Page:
MECH ENG 4114 - Corrosion: Principles & Prevention
North Terrace Campus - Semester 2 - 2015
General Course Information
Course Code MECH ENG 4114 Course Corrosion: Principles & Prevention Coordinating Unit School of Mechanical Engineering Term Semester 2 Level Undergraduate Location/s North Terrace Campus Units 3 Contact Up to 4 hours per week Available for Study Abroad and Exchange Y Incompatible MECH ENG 4061 Assumed Knowledge CHEM ENG 1009 Course Description This course presents the concepts behind corrosion and corrosion prevention. The different forms of corrosion are introduced, along with how to recognise them. Methods for assessing the extent of corrosion are described including the theory on the reaction chemistry. Finally, ways of designing against corrosion and slowing its progress are discussed. Topics covered include: Fundamentals of corrosion: free energy of oxidation, oxidation and reduction reactions, Pourbaix diagrams, corrosion kinetics, polarization curves, passivation. Design against corrosion. Investigating corrosion failures. Atmospheric and general corrosion, bimetallic corrosion. Differential aeration corrosion: pitting, crevice corrosion, microbiologically influenced corrosion (MIC). Environmentally assisted cracking, erosion. Case studies into corrosion failures, identifying mechanisms and evaluating mitigation strategies.
Course Coordinator: Dr Erwin Gamboa
The full timetable of all activities for this course can be accessed from Course Planner.
Up to two 2 hour lectures per week. In some weeks, the lectures will be tutorials. Two loratory sessions over the semester
Course Learning Outcomes
On completion of the course, students should be able to:
1 recognise the different forms of corrosion; 2 identify likely forms of corrosion that a system could be susceptible to; 3 estimate product lifetime in corrosive environments; 4 design against corrosion; 5 design protection systems against corrosion of infrastructure, plant, equipment and machinery; 6 ability to apply knowledge of basic science and engineering fundamentals; 7 ability to communicate effectively, not only with engineers but also with the community at large; 8 in-depth technical competence in at least one engineering discipline; 9 ability to undertake problem identification, formulation and solution; 10 ability to utilise a systems approach to design and operational performance; 11 ability to function effectively as an individual and in multi-disciplinary and multi-cultural teams, with the capacity to be a leader or manager as well as an effective team member; 12 understanding of the professional and ethical responsibilities and commitment to them; 13 expectation of the need to undertake lifelong learning, and the capacity to do so.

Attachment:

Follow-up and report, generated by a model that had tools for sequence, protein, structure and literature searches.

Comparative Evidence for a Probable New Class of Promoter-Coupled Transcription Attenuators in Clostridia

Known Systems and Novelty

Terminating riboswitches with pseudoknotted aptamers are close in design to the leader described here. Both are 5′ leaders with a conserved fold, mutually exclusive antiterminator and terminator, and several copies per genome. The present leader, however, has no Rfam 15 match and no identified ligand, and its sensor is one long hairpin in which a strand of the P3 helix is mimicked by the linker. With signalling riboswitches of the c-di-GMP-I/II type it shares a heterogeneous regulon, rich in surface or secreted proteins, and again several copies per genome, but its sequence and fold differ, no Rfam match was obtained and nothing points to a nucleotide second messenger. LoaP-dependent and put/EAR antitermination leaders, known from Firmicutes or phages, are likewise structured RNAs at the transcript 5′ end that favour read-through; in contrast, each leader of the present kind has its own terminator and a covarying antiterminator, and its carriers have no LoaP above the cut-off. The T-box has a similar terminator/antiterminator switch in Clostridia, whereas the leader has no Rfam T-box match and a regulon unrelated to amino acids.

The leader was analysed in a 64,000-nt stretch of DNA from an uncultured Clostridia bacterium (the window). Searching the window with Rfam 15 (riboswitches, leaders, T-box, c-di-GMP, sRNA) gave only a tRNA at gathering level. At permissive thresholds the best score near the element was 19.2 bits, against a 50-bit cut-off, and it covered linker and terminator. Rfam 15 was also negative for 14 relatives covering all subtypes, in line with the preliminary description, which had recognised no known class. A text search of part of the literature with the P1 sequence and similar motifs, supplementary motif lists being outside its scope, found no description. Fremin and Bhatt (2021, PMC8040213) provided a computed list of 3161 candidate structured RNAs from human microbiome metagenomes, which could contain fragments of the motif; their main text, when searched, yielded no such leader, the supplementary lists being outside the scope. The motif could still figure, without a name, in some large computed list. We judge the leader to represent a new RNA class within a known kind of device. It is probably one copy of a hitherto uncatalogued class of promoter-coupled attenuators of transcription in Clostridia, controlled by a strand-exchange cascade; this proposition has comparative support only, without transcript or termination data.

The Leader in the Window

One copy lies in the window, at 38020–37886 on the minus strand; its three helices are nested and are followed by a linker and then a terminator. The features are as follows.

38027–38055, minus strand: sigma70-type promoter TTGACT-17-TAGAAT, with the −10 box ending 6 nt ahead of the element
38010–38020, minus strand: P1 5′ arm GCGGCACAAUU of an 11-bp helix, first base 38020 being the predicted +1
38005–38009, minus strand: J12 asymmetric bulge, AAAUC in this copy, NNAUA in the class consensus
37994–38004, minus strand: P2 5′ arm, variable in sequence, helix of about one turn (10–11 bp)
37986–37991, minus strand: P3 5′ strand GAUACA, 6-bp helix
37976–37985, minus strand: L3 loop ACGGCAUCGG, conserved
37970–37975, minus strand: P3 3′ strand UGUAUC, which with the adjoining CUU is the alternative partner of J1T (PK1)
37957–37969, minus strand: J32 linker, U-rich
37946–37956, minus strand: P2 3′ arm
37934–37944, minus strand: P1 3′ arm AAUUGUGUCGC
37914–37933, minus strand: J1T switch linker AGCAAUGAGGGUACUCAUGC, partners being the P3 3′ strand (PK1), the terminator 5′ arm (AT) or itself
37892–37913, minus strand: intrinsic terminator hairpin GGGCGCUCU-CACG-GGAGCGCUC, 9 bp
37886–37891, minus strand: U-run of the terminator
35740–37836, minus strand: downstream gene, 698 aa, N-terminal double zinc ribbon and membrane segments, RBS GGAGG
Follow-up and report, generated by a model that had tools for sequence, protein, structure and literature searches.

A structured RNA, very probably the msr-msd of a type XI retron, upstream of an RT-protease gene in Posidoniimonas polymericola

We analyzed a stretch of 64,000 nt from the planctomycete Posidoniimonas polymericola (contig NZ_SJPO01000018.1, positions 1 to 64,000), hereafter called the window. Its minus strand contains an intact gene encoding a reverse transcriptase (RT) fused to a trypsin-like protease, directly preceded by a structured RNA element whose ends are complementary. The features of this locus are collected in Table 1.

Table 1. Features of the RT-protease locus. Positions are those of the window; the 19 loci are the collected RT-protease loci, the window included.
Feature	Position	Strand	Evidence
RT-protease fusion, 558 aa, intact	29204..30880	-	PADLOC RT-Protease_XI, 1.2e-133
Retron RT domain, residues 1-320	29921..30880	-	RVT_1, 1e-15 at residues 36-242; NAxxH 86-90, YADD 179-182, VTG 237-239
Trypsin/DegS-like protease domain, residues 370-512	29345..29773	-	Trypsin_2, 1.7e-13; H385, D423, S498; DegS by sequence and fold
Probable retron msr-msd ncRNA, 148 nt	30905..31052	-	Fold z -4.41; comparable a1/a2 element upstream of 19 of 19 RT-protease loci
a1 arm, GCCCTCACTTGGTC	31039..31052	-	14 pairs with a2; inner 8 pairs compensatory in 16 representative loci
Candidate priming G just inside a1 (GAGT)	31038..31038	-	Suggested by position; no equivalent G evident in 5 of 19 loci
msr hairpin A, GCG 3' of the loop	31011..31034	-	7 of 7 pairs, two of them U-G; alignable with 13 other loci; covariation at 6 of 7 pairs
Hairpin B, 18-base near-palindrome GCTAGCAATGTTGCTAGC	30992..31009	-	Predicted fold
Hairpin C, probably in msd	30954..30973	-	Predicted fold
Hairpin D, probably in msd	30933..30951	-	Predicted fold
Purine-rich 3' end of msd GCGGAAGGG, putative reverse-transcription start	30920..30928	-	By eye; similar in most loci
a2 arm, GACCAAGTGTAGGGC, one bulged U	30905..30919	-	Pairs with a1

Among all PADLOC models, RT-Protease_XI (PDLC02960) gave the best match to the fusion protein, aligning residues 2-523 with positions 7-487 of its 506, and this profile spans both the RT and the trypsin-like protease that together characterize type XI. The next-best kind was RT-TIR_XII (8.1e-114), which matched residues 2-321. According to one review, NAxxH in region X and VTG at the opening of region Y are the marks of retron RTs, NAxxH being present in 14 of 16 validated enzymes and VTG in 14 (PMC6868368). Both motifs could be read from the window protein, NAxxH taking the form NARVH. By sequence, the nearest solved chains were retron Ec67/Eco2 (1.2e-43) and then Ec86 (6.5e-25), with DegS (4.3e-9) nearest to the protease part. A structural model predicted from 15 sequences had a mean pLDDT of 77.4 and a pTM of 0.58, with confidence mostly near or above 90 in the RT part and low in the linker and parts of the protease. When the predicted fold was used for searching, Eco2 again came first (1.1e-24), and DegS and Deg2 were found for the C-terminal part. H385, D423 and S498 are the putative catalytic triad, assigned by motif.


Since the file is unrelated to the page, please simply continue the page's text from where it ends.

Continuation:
University Graduate Attributes
This course will provide students with an opportunity to develop the Graduate Attribute(s) specified below:
University Graduate Attribute Course Learning Outcome(s) Knowledge and understanding of the content and techniques of a chosen discipline at advanced levels that are internationally recognised. 1-6, 8-10 The ability to locate, analyse, evaluate and synthesise information from a wide variety of sources in a planned and timely manner. 1-6, 8-10 An ability to apply effective, creative and innovative solutions, both independently and cooperatively, to current and future problems. 1-12 Skills of a high order in interpersonal understanding, teamwork and communication. 7,11 A proficiency in the appropriate use of contemporary technologies. 1-6, 8-10 A commitment to continuous learning and the capacity to maintain intellectual curiosity throughout life. 13 A commitment to the highest standards of professional endeavour and the ability to take a leadership role in the community. 1-12 An awareness of ethical, social and cultural issues within a global context and their importance in the exercise of professional skills and responsibilities. 11,12
Lecture notes provided are a brief guide, students are expected to do further reading out of recommended resources.
Corrosion for Science and Engineering (Trethewey and Chamberlain), 2nd Edition, Pearson Education 1998
Corrosion Engineering (Roberge), McGraw Hill 2008
Corrosion Engineering (Fontana), 3rd Edition, McGraw Hill 1986